22.10

4.83

3.91

3.70

30.60

a Samples were from sections 1 and 2 (depth 0-15 cm) and for 88 samples.


Table 4. Spearman correlation coefficients (rs) between DTPA extractable contents and total contents of metals.

 

DTPA extractable

Fe

Co

Ni

Cu

Zn

Cd

Pb

Total contents

rs

-0.058

-

0.095

0.235

0.092

0.442

0.551

pa

0.594

-

0.386

0.028

0.394

0.000

0.000

nb

88

-

85

88

88

77

82

a probability; b number of samples.

 

Table 5. Spearman correlation matrix of soil’s total heavy metals.

Metal

Fe

Co

Ni

Cu

Zn

Cd

Co

-0.535 b

 

 

 

 

 

Ni

0.200 a

-0.040

 

 

 

 

Cu

0.232 a

0.034

0.570 b

 

 

 

Zn

0.023

0.528 b

0.236 b

0.398 b

 

 

Cd

-0.098

0.575b

0.167

0.331 b

0.671b

 

Pb

-0.121

0.522b

0.282 b

0.555b

0.714 b

0.760 b

 


Comparison of heavy metal contents between the stations within and outside NILZ Company (section I & II)

Descriptive statistics of heavy metal contents in the two studied sections (inside and outside the NILZ Company) are given in Table 6. The results reveal that the metal contents in the samples selected from within the plant’s borders (section I) are significantly higher than those from the outside area (section II).

An independent sample T-test was used for testing the difference between the two sample means (Zamani et al., 2012). However, instead of an independent sample T-test, one can use the Mann-Whitney U test. This latter is a non-parametric test, which differentiates it from the T-test (Einax et al., 1997; Miller and Miller, 2005). These methods are used for comparing the mean values of metal contents in samples obtained from the two sections. This investigation shows that, except for nickel, the mean values of the metal ions in the samples selected from Section I (inside the plant’s border) differed significantly from those found in the samples obtained from Section II (outside the NILZ Company’s border). However, the comparison of means for metals in both Sections, investigated using both parametric and non-parametric methods, showed a significant difference between them. This difference indicates that the presence of Co, Cu, Zn, Cd and Pb metals in Section I (in the vicinity of the NILZ Company) can be attributed to the plant’s activities.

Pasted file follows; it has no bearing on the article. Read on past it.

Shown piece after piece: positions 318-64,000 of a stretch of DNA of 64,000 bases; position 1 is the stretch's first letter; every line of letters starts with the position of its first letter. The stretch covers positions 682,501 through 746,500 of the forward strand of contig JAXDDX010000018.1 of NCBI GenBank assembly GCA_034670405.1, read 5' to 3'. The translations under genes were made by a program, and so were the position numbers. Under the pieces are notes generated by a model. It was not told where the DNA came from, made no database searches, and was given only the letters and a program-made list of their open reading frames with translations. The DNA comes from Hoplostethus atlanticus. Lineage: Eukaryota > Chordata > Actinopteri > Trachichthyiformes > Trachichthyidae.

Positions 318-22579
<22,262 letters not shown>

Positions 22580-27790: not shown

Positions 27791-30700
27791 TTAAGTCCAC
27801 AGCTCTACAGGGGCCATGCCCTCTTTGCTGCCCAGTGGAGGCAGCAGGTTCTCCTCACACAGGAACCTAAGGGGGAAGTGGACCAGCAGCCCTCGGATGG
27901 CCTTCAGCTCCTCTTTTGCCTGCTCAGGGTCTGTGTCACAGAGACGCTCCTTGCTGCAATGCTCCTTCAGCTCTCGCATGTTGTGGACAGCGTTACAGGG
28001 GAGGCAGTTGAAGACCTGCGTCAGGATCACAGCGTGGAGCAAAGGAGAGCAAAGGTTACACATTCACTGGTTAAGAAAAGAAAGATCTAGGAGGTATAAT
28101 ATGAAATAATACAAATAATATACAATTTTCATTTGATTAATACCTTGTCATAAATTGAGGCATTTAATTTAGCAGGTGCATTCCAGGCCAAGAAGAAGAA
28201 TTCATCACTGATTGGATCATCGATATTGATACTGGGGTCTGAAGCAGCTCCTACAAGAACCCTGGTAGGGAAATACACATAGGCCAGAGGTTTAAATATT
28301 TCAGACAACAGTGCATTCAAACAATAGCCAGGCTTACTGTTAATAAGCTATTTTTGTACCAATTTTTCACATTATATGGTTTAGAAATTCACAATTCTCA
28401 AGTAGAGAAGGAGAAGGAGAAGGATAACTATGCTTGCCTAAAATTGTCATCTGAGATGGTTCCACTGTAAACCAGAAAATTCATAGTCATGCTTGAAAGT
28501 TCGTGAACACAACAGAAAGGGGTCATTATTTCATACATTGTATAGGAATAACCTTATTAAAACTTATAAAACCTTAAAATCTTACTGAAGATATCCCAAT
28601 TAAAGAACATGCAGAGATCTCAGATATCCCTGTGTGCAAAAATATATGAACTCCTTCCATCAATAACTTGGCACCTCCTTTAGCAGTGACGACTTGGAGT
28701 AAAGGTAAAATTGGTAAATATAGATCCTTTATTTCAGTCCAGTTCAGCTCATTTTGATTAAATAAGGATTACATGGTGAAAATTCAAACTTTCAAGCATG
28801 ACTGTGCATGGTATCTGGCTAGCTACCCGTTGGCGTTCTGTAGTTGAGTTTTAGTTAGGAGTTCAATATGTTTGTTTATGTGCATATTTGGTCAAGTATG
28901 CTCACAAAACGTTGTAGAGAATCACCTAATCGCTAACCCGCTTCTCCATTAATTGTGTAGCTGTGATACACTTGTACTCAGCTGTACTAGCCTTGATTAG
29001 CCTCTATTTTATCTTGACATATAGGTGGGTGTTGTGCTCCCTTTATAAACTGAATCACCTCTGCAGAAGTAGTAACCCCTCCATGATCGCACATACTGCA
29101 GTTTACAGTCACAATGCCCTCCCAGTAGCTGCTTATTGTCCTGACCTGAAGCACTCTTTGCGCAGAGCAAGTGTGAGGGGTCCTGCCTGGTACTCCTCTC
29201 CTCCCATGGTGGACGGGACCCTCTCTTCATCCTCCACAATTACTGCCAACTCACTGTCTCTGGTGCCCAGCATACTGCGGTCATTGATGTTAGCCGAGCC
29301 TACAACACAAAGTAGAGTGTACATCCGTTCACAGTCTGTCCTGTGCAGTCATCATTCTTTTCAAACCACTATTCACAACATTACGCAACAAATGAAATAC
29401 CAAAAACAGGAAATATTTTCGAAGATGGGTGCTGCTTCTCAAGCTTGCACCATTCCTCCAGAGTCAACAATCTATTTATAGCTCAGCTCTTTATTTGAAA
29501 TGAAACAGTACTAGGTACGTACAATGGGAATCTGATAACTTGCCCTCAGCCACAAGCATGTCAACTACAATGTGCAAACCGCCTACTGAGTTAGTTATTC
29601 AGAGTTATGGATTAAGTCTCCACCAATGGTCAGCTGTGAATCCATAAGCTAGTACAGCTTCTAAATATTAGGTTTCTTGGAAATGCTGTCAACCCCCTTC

Bivariate correlations between total heavy metal contents in different soil profiles

In order to assess the diffusion and probable leaching of the studied metals in the soils in Section I (inside the plant’s boundaries), the soil metal contents and their distribution at two different depths i.e. 0-15 and 15–30 cm were studied (Table 7). The results reveal that the average abundance order of the heavy metal contents in the two soil profile samples is similar. This order was Fe > Zn > Pb > Ni > Cu > Co. Statistical evaluation given subsequently describes the variation in absolute value of these metals in the investigated depths.

The calculated Spearman coefficients for total mean heavy metals in soil profiles 0-15 and 15-30 cm (Table 8) states that, except for Fe, there is a significant and positive correlation between all studied metals (regardless of the soil profiles). Therefore, it can be concluded that leaching of Co, Ni, Cu, Zn, Cd and Pb ions from surface soil to deeper soil profiles has been occurred in the studied area.